[ANALYSIS] Korea's NASA: one giant leap for the country's bureaucracy
Korea wants its own NASA, pulling together all the disparate elements of the current space program scattered around government in various departments and agencies. It's just not clear how it's going to consolidate the various bits and pieces, and what sort of organization is the right one to get the job done.
The country is coming off two big space-related successes. In June, it launched a satellite with a 100-percent domestically-developed rocket for the first time. In August, Korea's first lunar orbiter was sent on its way atop a SpaceX Falcon 9.
To take the country's space program to the next level, a dedicated agency, modelled after the U.S. National Aeronautics and Space Administration (NASA), is the goal. It would be a soup-to-nuts entity, doing everything from research to developing policy support for the private sector.
Space initiatives in Korea are run and organized by various ministries, committees and other government bodies — including the Ministry of Science, the Korea Aerospace Research Institute, the National Space Committee, the Ministry of National Defense and the Defense Acquisition Program Administration.
The lack of centralization leads to duplication of efforts and reduced efficiency.
"We will set up an aerospace agency similar to the NASA of the United States," President Yoon Suk-yeol said on Aug. 31. "It should serve its purpose properly as an expert organization, not a regular bureaucratic organization."
The comment was made in response to the request from Park Wan-soo, the governor of South Gyeongsang, urging the president to "set up an aerospace agency as soon as possible in Sacheon, South Gyeongsang, that would oversee all areas of the space sector — including the industry, national security, R&D and policy support."
Yoon added that "the officials from related ministries recently held a meeting presided by the presidential office to discuss the details on the establishment of the aerospace agency."
The government included the establishment of an aerospace agency in its national agenda, promising to set up an organization "to organize related programs across various ministries and tap into the expert capabilities of the private sector."
The plan is to include the establishment of an aerospace agency in a bill submitted to the National Assembly to revise the Government Organization Act. The Assembly will be in session for 100 days from Sept. 1 through Dec. 9.
What the president has proposed is tentatively categorized as a "cheong" in Korean, which translates as an "administration," "agency," "service," or "office" depending on the purpose. Cheongs normally operate under a ministry. The Korea Disease Control and Prevention Agency, for example, is a cheong, or standalone agency, under the Ministry of Health and Welfare.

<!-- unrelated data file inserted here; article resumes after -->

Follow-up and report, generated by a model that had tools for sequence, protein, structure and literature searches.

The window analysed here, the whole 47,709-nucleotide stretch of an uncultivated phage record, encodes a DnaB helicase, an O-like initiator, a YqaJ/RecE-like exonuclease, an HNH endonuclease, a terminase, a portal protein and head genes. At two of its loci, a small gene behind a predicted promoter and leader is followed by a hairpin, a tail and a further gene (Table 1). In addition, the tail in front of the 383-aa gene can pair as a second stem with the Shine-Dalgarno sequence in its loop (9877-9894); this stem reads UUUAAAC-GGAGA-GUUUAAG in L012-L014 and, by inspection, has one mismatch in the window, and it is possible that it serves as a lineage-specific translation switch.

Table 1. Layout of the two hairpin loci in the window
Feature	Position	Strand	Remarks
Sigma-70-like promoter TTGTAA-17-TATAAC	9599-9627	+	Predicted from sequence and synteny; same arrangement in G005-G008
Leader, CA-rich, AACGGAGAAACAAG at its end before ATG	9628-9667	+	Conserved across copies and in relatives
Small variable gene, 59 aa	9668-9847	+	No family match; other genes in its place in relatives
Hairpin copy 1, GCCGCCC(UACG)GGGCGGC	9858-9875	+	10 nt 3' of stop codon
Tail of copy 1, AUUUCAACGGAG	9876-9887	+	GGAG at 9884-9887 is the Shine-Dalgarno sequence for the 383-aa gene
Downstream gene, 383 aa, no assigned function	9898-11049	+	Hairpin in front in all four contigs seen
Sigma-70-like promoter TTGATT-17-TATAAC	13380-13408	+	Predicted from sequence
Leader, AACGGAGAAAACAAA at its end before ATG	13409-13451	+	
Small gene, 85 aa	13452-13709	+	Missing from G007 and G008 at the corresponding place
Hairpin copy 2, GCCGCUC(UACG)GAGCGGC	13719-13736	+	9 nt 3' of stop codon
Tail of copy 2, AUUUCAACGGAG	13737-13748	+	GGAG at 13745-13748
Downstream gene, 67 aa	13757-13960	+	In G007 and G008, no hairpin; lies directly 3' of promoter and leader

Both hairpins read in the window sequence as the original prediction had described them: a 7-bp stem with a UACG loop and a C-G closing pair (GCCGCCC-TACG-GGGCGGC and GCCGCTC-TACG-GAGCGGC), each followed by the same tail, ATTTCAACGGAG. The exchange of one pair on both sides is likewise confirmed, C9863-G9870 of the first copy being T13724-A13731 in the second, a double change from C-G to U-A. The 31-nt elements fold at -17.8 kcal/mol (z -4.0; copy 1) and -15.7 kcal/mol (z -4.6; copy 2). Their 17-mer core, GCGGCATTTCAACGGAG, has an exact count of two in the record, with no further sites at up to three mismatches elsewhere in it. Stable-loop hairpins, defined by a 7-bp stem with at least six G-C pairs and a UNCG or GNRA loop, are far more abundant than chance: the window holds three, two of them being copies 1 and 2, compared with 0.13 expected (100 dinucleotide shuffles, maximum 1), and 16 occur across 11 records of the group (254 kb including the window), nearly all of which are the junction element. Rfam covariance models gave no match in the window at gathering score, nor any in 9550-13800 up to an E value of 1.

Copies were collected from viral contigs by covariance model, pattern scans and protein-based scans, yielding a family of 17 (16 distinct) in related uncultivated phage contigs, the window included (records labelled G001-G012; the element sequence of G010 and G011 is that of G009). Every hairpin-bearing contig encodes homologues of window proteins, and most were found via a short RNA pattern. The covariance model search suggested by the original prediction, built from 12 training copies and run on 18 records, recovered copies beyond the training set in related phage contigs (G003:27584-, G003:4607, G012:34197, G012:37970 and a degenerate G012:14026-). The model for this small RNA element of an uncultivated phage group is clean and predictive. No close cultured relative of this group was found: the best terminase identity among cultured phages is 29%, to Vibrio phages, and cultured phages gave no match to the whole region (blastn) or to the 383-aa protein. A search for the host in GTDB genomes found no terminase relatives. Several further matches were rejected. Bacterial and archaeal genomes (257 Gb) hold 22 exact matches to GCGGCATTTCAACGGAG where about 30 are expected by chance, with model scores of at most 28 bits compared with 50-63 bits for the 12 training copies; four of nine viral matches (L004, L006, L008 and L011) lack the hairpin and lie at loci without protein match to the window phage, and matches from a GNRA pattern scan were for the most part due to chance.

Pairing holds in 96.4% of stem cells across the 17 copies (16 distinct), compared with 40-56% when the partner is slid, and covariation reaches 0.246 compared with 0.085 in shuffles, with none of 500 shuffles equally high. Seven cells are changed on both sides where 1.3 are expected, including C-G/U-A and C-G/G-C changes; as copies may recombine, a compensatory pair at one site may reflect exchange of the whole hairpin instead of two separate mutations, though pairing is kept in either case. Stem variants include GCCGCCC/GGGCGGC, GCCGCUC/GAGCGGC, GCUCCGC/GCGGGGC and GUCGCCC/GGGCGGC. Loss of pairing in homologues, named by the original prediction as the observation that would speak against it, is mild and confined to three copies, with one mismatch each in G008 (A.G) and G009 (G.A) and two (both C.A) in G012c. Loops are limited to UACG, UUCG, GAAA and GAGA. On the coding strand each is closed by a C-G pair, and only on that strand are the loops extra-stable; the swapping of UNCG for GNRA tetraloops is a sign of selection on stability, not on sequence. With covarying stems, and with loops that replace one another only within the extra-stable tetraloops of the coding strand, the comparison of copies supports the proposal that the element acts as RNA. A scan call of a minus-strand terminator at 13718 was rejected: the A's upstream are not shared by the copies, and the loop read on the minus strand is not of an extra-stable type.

If the new aerospace agency is placed under the prime minister, it would be named a "ministry," such as the Ministry of Food and Drug Safety, and possibly a "committee" if it is directly under the president, like in the case of the Regulatory Reform Committee.
If placed under a ministry, the aerospace agency is likely to be more independent and agile in the decision-making process as a standalone agency. However, it would lack the authority and ability to oversee the space programs operated at other ministries, according to a study for reorganizing the national space program published by Science and Technology Policy Institute.
If it is organized as a ministry under the prime minister, it would have authority over other ministries, but wouldn't have the rule-making powers of a committee under the president. A space agency directly under the president would be able to take part in the legislative process and have more authority over other ministries and related sectors, but it may not be as agile, which would undermine its efficiency.
Some experts argue that the new aerospace agency should have a bigger authority than a regular "agency," or cheong, in order to become a central organization that oversees the government-led space programs as the Yoon administration claims it to be.
"It should not be a 'cheong,' and it needs to be under the president," said Chang Young-keun, an aerospace engineering professor at Korea Aerospace University.
A space agency under the science ministry would be far from the "NASA model" that the government refers to, argued Chang, as it is likely to end up as a mere bureaucratic organization.
According to Chang, NASA operates directly under the presidential office and mostly consists of experts specializing in the research and development of cutting-edge space technologies. Therefore "if the government really wants to refer to the NASA model, it should upgrade the Korea Aerospace Research Institute into a national space agency."
NASA is an independent agency under the executive branch.
As private sector engagement is the key to the establishment of the space agency amid the global shift to the private-led "new space" era, the new space agency should be an expert group to help boost the private sector, said Chang.
"The space program should be a project led by the president," said Yoon Ji-woong, professor at the department of public administration at KyungHee University, during a forum on space policy held in June.
NASA, which has been cited as a role model by the government, is actually equivalent to a ministry-level organization in Korea, said Yoon.
"I do not think that the space 'cheong' mentioned as a national policy agenda item should not and cannot be understood as the cheong organization we already know," said Yoon. "The new space agency should be set up in a new, innovative model, not bound by the old administrative structure."
BY SHIN HA-NEE [email@example.com]